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One Day in Champagne

April 20, 2014

The man from Dallas was actually born in Minnesota, so I asked him, “Cowboys or Vikings?” “Vikings,” he replied. I liked him already. I assumed he was an oil man because at one point he asked out loud what time it was in Abu Dhabi (it was 5:00 p.m.) His second/third/(?) wife was from Finland and has been living in Paris for the past 10 years. She clutched a Louis Vuitton (which is owned by the same company that owns Moët & Chandon) bag. The man from Dallas spoke about splitting time between Dallas and Paris. Between love and work.

In the bathroom at Moët & Chandon, Takoashi, the woman from Japan traveling alone, asked Alex if I was Japanese. No such luck. She told Alex that she was in France for two weeks. The first week she was in the French Alps visiting friends. And now, she was in Paris. Last year, Takoashi also came to France (alone) and took a tour in Champagne. At the end of our tour in Champagne, I could see why one would want to travel across the world alone annually for these bubbles.

Aunt Paula, the loud, older, obnoxious Californian, infantilized Takoashi. When hearing her name for the first time, Paula decided to shorten it to “Taco.” Aunt Paula knew enough French and knowledge about Champagne to show off that knowledge to Amanda (our Tour guide) but also lacked a significant portion of knowledge that sometimes when she would ask a question, her question would simply not make any sense or did not apply. The second/third/(?) wife of the man from Dallas could hardly restrain her eye rolls when Aunt Paula became the official spokesperson of the United States of America.

Aunt Paula’s niece Erin, a curly haired blonde from Hollywood, came on the tour as well. Erin is a social worker and complained that the sun in California can be too oppressive. She explained how her brother covered his car windows with cardboard because it was too much for him to handle.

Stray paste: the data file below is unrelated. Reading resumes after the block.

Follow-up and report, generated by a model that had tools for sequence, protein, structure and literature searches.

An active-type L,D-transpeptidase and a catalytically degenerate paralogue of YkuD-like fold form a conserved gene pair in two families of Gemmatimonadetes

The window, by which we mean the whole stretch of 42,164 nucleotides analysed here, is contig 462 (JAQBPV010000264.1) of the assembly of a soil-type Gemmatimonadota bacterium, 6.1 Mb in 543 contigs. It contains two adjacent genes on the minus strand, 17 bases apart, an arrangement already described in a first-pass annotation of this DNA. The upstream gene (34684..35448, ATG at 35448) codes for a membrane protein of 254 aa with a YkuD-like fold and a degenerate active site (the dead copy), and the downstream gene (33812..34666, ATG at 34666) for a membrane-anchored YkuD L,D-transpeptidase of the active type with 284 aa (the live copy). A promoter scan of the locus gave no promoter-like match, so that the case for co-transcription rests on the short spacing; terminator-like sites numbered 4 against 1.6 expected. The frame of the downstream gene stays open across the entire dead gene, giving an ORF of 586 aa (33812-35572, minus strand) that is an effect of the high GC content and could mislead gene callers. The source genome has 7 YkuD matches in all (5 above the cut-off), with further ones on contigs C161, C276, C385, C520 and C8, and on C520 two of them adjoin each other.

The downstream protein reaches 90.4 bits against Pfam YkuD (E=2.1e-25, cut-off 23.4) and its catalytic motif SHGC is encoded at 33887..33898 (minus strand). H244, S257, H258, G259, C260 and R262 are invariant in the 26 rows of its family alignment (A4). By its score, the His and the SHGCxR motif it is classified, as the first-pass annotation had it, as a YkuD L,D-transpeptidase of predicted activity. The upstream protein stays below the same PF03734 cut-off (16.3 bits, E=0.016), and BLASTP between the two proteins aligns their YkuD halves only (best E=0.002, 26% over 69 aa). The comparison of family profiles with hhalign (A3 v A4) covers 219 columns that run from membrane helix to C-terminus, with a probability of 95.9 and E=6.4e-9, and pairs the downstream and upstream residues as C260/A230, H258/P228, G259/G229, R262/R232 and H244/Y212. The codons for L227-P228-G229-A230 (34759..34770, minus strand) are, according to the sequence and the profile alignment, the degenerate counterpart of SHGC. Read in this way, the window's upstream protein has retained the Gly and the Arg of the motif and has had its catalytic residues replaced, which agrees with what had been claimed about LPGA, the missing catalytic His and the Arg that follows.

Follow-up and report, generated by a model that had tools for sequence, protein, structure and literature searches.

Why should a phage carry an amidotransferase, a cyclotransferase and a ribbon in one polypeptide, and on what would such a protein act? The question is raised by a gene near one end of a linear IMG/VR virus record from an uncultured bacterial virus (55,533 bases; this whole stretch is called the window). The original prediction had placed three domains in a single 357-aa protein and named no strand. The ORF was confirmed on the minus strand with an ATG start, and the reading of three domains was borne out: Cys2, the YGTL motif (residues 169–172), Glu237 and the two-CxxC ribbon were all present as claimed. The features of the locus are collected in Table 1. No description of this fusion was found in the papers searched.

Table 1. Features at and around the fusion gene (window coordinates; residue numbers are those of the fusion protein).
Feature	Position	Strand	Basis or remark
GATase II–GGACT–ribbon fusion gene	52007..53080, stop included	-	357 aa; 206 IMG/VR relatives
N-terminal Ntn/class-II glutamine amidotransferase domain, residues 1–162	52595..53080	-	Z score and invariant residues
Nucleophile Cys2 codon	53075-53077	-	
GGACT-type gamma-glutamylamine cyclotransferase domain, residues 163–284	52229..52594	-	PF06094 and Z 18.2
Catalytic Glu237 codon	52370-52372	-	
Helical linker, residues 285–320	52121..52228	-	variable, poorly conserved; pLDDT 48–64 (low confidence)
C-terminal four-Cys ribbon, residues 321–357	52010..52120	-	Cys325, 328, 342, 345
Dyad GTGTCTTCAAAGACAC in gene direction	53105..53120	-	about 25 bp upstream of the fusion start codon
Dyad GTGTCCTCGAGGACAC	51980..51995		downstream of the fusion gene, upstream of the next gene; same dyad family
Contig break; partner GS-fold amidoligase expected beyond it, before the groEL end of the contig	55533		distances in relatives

Throw in a hairy bearded Asian fundraiser and a tenured-track professor at a small Jesuit college and you have quite the motley tour group.

There are more than 6,000 Champagne producers in the region and when you compare that to the 700 wineries in Washington and it is hard to comprehend. A committee in Champagne dictates every detail of the Champagne process. From the window when growers can pick their grapes to the minimum amount of time the Champagnes have to be aged in bottle. This level of bureaucratic control is ironic considering Champagne was created on accident by a monk.

A few years ago I helped a board member at my last job clean out her mother’s wine cellar after she passed away (she was 100 years old). She wanted me to see if there were any wines that would be valuable to donate to our annual auction. The wine rack was filled with 1950s Champagnes, old Washington Rieslings, and 1960s California Cabs. However, as I pulled out each of the dusty bottles, most of them had leaked and were severely oxidized. They were completely ruined.

Amanda and several of the boutique Champagne producers told us that unless the Champagne is from a particular year (vintage), it is best not to age them. That they are designed to be enjoyed now. My mind raced back to that dusty wine cellar, with those bottles waiting for a special occasion that never came.

With 6,000 Champagne producers it is easy to find incredible bottle of Champagne for the same price of a forgettable bottle of wine at Trader Joes. There was never any pressure to buy from each of the producers that we visited in Champagne but we were more than happy to load up.

While the man from Dallas and I engaged in a showdown over the last piece of foie gras, Aunt Paula continued with her running commentary on French/American cultural differences. I won the showdown and the Champagne helped make Aunt Paula’s inane comments bearable. By the time we left the final Champagne house of the day, even Alex and Erin engaged in good conversations despite being complete opposites. Behold the power of Champagne.

The man from Dallas and his second/third/(?) wife left on the first train out of Reims. The rest of us were scheduled on the 7:15, two hours later. As Alex and I walked through the old section of Reims we spotted Aunt Paula and Erin sitting in their hotel lobby. I told her not to look but to keep walking. A little while later we boarded the train with our four bottles of Champagne. I can’t wait to open them.

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